To begin the process of exploiting BIM for the operations and maintenance of a facility, there are two areas where the success of early adopters make it prudent to explore — space management and asset management. In addition, some specialty applications are being explored, such as infection control. A closer look at these applications includes:

BIM and space management. The need for a health care organization to have an accurate measure of space usage and allocation is critical. One of the most acute needs is to accurately account for the use of space for the purposes of Medicare-Medicaid facilities reimbursement. Some health care organizations have mentioned that these facilities reimbursements can account for 8 to 12 percent of the bottom line revenue. Federal research grant reporting can have a similar impact on an organization, and also require detailed reporting of the space actually being used for the grant-funded activities. The process for calculating and managing this space can vary greatly between organizations. Regardless of the sophistication of the process, BIM can benefit.

Traditional area take-off methods for space management and chargeback business functions rely on the use of scales and calculators to manually measure floor plans and determine areas. Computer-aided design (CAD) applications introduce a slightly improved method in which electronic floor plans are used as backdrop references and closed polylines are manually added to the floor plans to define areas for calculations. BIM offers a different workflow.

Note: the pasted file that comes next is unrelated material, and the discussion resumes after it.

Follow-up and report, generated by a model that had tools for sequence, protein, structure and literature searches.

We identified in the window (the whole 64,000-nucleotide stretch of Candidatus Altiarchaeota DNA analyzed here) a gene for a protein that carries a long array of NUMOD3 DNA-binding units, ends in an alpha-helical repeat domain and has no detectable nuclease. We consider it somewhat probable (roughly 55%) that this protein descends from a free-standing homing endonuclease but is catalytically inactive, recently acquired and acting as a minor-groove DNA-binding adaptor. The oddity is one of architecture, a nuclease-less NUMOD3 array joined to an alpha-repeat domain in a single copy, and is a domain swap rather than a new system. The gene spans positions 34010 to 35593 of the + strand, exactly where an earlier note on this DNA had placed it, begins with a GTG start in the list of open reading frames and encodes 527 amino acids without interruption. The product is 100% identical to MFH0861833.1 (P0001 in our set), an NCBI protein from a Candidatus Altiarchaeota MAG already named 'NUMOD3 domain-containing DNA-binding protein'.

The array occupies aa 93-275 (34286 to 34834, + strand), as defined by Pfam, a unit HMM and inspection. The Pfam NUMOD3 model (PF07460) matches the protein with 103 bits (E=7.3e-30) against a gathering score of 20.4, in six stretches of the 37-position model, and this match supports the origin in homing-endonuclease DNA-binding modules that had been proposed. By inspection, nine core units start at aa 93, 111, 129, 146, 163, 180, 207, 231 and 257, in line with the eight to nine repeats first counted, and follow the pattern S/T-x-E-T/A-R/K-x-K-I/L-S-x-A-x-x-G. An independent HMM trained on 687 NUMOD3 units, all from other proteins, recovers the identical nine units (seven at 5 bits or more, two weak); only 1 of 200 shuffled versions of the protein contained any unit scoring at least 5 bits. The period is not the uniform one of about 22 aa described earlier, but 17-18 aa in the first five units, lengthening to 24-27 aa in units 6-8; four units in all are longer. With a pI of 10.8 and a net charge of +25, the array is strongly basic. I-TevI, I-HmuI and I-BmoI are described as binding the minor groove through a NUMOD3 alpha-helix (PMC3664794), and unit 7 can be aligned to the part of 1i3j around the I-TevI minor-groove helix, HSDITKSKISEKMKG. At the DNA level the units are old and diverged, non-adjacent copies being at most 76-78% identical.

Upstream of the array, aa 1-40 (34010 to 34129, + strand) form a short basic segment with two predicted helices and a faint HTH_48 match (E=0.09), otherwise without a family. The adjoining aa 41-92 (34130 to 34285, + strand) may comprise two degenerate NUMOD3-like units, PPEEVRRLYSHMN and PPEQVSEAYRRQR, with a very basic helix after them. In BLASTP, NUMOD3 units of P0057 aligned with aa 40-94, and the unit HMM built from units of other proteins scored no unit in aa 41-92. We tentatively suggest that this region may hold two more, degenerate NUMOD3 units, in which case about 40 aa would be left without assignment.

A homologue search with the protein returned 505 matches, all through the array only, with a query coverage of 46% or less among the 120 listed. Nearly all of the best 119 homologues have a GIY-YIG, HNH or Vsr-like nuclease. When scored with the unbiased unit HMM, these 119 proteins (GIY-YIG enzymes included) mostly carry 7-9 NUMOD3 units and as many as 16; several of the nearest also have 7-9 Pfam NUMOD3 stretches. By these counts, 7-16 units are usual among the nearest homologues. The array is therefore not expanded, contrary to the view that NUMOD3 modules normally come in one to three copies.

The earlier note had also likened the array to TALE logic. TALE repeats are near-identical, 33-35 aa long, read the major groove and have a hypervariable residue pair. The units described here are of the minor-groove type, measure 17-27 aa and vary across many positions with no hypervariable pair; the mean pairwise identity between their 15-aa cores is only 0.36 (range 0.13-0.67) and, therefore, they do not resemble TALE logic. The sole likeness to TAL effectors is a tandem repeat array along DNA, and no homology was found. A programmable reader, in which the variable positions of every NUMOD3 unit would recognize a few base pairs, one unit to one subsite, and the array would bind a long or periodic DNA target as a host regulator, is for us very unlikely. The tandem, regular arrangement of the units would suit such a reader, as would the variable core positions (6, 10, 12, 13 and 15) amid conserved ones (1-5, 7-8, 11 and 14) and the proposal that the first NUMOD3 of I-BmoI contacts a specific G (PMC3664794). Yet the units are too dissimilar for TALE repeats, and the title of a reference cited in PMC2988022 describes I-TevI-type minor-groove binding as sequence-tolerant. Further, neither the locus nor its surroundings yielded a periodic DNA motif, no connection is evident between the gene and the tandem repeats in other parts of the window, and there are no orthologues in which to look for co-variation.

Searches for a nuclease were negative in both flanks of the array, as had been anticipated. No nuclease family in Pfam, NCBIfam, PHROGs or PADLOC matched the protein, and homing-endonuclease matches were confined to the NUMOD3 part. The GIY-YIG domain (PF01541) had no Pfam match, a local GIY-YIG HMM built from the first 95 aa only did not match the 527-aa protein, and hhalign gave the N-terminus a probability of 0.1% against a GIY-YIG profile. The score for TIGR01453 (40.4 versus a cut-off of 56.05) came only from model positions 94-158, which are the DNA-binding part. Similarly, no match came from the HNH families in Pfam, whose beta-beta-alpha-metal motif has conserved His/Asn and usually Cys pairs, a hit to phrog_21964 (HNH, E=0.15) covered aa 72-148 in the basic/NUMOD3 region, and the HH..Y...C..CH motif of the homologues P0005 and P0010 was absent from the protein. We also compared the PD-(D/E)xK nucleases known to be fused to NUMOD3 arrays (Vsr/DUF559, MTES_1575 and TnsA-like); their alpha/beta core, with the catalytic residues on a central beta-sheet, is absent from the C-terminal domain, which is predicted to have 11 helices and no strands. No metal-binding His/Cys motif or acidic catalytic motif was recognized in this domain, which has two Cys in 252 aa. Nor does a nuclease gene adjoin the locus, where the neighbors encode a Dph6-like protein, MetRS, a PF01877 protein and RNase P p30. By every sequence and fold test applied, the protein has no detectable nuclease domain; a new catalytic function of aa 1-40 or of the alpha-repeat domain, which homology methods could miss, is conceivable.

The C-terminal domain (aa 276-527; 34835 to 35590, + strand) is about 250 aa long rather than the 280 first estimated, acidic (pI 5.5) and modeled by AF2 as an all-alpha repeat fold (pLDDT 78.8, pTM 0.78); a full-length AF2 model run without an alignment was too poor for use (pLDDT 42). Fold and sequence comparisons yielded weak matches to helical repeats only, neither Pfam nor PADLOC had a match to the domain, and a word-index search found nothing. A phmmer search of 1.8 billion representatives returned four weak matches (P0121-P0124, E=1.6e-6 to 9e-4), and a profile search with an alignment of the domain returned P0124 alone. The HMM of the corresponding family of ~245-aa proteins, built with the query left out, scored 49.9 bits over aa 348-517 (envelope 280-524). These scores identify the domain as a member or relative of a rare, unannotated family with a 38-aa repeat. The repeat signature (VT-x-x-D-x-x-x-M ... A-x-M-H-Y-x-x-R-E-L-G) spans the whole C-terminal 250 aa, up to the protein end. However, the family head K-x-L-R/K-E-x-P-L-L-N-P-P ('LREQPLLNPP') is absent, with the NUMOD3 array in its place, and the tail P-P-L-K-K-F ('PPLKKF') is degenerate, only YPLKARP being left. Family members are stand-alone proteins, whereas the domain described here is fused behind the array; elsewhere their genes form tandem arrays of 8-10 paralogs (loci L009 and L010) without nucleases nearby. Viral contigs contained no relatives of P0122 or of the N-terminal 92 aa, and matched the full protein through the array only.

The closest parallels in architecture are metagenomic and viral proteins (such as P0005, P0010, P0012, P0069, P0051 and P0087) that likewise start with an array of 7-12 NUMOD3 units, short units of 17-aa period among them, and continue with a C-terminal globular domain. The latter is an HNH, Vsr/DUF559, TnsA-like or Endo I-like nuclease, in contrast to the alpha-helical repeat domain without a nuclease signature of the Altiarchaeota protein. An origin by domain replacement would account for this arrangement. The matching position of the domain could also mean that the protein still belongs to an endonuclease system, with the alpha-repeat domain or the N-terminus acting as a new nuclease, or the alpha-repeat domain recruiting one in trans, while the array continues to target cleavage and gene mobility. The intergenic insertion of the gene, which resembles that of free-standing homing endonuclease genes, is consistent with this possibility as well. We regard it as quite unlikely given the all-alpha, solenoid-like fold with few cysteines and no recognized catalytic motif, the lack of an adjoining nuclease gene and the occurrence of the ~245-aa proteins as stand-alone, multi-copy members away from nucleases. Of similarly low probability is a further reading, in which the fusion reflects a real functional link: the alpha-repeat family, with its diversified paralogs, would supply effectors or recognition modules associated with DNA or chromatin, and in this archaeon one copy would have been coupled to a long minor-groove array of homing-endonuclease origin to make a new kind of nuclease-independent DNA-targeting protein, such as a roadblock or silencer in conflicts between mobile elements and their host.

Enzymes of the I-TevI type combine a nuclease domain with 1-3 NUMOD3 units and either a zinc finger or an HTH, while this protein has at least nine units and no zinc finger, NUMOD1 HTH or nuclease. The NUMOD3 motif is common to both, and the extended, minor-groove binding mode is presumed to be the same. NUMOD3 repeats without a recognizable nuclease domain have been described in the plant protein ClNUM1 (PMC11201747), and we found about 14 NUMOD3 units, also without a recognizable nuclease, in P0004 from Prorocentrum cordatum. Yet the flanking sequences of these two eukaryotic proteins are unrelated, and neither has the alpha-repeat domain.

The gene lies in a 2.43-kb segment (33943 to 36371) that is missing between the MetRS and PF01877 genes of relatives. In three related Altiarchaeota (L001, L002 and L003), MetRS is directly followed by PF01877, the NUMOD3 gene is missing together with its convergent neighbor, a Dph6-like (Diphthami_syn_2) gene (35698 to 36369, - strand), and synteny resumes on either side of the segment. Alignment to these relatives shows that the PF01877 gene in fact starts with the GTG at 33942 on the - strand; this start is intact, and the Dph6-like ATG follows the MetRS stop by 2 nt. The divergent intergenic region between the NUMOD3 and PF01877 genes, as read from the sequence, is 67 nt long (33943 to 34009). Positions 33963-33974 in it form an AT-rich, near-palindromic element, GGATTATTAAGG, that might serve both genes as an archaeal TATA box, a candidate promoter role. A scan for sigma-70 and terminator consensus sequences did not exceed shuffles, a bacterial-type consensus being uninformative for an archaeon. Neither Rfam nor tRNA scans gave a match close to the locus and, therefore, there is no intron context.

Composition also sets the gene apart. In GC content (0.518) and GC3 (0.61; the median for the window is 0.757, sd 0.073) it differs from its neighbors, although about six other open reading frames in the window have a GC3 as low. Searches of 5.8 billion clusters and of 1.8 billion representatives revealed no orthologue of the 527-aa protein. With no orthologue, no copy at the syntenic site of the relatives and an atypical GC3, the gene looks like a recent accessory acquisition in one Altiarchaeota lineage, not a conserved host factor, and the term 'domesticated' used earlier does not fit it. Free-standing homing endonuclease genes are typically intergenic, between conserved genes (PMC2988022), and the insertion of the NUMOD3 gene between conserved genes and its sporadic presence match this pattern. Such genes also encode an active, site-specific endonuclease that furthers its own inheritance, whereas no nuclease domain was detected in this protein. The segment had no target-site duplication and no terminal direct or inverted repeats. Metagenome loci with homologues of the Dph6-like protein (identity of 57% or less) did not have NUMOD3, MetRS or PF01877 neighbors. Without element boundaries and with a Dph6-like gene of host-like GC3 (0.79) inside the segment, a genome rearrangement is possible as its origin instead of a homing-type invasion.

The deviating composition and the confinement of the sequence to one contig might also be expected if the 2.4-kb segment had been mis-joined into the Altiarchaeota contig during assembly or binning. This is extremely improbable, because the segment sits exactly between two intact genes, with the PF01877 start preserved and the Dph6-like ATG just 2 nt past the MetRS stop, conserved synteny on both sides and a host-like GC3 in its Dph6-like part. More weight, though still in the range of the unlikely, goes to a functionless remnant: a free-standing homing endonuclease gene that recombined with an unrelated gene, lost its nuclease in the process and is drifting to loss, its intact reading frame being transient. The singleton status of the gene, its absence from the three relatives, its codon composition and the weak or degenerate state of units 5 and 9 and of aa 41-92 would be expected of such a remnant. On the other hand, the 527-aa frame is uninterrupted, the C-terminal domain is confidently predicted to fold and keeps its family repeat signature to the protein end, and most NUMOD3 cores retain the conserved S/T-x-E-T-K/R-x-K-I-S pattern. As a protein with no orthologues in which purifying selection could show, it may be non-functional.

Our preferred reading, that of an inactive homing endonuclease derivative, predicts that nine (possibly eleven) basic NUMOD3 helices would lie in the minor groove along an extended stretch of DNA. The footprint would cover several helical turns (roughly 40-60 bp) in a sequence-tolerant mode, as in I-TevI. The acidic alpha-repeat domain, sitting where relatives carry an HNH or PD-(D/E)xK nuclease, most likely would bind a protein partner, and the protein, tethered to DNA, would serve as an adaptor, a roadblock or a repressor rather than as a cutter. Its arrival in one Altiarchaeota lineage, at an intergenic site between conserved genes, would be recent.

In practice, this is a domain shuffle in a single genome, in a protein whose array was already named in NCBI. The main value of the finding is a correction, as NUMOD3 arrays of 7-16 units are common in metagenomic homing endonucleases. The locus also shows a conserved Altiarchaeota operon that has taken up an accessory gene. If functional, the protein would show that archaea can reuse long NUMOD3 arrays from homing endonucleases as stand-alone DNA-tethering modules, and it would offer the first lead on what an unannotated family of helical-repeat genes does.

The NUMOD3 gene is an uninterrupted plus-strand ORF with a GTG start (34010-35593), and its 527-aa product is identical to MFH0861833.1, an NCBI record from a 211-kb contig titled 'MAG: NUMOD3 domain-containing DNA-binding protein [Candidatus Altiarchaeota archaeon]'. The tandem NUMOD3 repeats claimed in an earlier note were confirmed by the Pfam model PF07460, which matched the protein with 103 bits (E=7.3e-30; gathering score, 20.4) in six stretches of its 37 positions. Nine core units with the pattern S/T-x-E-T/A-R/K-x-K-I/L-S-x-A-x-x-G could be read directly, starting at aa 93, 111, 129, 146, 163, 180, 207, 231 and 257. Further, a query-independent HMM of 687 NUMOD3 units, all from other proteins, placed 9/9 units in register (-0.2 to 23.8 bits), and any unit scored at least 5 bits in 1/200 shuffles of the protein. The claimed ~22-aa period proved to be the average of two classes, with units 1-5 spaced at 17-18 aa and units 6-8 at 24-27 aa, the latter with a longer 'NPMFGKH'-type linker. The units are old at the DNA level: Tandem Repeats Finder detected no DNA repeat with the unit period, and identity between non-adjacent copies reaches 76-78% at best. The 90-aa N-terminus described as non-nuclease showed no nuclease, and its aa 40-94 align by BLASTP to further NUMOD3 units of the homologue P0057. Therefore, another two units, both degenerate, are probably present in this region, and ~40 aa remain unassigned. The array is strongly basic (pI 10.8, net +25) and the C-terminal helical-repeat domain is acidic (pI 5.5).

In BIM, components understand their relationships to each other. A wall, for example, “knows” what it is and how to react to the rest of the building. When there are enough walls to create a room, the square footage is immediately calculated. These intelligent areas then can be used to define spatial relationships and streamline the calculation and reporting of space.

The boundaries of these areas (and their area measurements) are based on industry standards such as those by the American National Standards Institute and Building Owners and Managers Association International. Square footage is automatically calculated based on the area type, which is selected when the area is created and can be updated at any time. For example, gross building area is calculated by using the exterior of the walls, whereas office area is calculated using wall interiors. Area boundaries automatically adhere to window height rules as well, so when a window height is greater than 50 percent of wall height, the area boundary lines go to face of glass versus the wall interior. And if the window is modified to be less than 50 percent, the boundary line reverts to the wall interior and the area automatically updates.

Visually, BIM supports the use of such information as department parameters, and creates area color schemes using this department parameter. This enables facilities professionals to create floor plans that are color-coded by department. These area plans are graphic views or representations of areas and, if the model changes, these color-coded floor plans change automatically.